When it’s time for a break from Italy’s art museums, Roman ruins, and churches filled with Old Masters paintings, sunseekers flock to the Amalfi Coast to hobnob with the glitterati in Positano, drink in the maritime memories of the proud old republic of Amalfi, and get lost in the fragrant hilltop gardens of Ravello.
These pastel fishing villages cling to hillsides or lie in deep green valleys, strung along a dramatic coastline of plunging cliffs connected by the breathtaking Amalfi Drive: a gravity-defying thrill ride of a road stretching from the Bay of Naples to the Gulf of Salerno.
The beauty of southern Italy’s Amalfi Coast is legendary, and has inspired artists, writers, and such illustrious musicians as Richard Wagner. And it’s little wonder why: Here, vibrant, village-strewn cliffs jut into the sea. During the summer, notes of lemon hang in the air and festivals enliven hamlets along the drive from the Bay of Naples to the Gulf of Salerno, making it the ideal time to travel to the Amalfi Coast.
Where to stay
Equal parts culture and nature, this stretch of coastline draws sunseekers to its hilltop gardens, art collections, green valleys, music performances, and the glitzy see-and-be-seen resort town of Positano.
Positano is popular for its central location, its restaurants and jaw-dropping beauty. Despite these charms, some might find the peak season crowds, prices, and stairs overwhelming.
Ravello is an enchanting village perched on a ridge high above Amalfi and the neighboring town of Atrani. Ravello is relatively out of the way and the bulk of its visitors come during the day, leaving the nights gloriously quiet. There are several hikes in the area—even down to Amalfi.
Sorrento is convenient for visitors pairing the Amalfi Coasts with a stay in Naples, situated just across the way. It also marks the start of the 43-mile infamously winding coastal road that runs to Salerno.
Amalfi is the Amalfi Coast’s largest city, but it’s still small enough to feel intimate. It is a convenient base for excursions to Capri and the Grotta dello Smeraldo. Amalfi is romantically situated at the mouth of a deep gorge and its Duomo is impressive.
THINGS TO DO
A trip to the Amalfi Coast can be as busy or relaxed as you wish it to be. More ambitious day trips to Pompeii and Capri are doable – just be sure to leave plenty of space in your itinerary for sipping limoncello and staring at the water.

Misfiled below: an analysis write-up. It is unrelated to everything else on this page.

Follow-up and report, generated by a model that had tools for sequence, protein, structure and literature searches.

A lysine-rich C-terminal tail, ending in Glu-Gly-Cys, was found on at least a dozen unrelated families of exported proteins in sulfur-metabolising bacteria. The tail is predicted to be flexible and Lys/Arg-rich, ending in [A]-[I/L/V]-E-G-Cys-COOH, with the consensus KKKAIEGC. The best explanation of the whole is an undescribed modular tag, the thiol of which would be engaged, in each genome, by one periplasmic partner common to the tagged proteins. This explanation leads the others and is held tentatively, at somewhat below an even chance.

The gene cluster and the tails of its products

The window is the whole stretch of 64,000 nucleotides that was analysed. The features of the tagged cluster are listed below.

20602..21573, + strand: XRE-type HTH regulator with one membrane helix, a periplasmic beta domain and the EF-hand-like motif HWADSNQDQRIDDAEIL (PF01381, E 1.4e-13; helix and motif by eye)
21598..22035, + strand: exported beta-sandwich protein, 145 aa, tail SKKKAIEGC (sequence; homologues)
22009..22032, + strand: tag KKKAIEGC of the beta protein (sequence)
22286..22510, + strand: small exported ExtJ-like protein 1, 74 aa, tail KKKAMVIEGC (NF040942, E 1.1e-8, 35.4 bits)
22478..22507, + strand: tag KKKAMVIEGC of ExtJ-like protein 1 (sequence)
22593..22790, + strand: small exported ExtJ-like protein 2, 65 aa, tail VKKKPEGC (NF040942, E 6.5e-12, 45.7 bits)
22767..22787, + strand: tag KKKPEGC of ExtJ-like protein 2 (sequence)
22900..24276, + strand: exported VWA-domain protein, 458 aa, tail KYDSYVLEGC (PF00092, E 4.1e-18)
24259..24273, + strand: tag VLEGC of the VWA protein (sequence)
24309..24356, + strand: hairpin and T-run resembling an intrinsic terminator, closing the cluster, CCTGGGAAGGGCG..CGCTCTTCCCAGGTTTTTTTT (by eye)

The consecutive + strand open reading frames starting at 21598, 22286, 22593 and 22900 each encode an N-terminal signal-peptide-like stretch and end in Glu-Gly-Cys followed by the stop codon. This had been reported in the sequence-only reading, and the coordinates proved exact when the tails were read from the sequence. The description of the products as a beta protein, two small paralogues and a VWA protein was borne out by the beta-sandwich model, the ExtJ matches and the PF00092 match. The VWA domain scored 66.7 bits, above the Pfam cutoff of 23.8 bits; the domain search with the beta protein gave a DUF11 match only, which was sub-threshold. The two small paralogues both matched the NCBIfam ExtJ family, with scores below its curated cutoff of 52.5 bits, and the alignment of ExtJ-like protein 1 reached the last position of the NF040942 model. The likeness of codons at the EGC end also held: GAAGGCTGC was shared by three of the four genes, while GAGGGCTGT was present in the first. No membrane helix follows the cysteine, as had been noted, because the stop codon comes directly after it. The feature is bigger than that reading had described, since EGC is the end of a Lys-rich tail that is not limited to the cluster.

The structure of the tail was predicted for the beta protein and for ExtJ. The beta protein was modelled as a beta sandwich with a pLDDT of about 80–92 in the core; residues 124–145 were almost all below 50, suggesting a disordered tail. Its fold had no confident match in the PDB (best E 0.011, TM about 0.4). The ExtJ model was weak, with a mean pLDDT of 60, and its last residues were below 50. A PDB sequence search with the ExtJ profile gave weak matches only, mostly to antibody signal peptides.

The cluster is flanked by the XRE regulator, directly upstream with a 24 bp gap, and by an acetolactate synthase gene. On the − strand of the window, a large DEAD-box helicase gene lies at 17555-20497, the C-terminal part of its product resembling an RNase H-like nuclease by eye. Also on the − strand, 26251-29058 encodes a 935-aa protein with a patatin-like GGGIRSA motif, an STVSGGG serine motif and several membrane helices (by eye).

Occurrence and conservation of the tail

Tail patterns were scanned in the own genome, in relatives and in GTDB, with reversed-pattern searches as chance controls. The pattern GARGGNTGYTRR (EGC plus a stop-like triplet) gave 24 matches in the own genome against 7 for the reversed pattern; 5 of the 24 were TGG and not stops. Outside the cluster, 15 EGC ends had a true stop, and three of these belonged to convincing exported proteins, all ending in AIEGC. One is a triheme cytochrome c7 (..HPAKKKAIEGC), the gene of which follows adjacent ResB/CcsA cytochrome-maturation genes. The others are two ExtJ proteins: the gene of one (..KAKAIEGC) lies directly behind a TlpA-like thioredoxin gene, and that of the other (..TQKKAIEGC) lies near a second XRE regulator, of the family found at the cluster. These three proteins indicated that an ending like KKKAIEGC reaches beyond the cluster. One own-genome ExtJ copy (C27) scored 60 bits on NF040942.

Spend the day in Capri, being sure to escape the crowds by heading to Anacapri, the island’s “second city,” about 3 km from Capri Town. Ride a 12-minute chairlift ride to the highest point on Capri, Monte Solaro. Tour one of the island’s swankiest residences, the Villa San Michele.
From shopping to sights, there is much to keep you busy in Positano. For a relaxing afternoon, take a small boat to the Spaggia di Lauriot, a small cove perfect for swimming. Da Adolfo, a restaurant just above the beach, should satisfy any midday cravings. At the dinner hour, head up to Montepertuso, a hamlet high over Positano, for fine dining.
From the Amalfi Coast, Pompeii is an easy day trip – especially if you’re based in Sorrento. From there, a Circumvesuviana train makes the 30-minute ride to the Pompeii-Scavi stop, a stone’s throw away from the ruins’ entrance. Expect to spend four to five hours at the site.
Concert enthusiasts will want to make Ravello a top priority. The small town is famous for its classical music festival, Festival Musicale di Ravello. The concerts, many of which are held in the gardens of the Villa Rufolo, have become so popular that the festival season stretches well beyond the summer. While there, you can also browse several of the many ceramic shops.
WHEN TO VISIT
Spring is the best time to visit the Amalfi Coast. July and August are high season for Amalfi Coast travel; temperatures can creep quite high and parking can be a challenge. Fall (especially November) and winter are rainy. The Ravello Festival, an annual arts and music festival, takes place throughout the summer in the town of Ravello.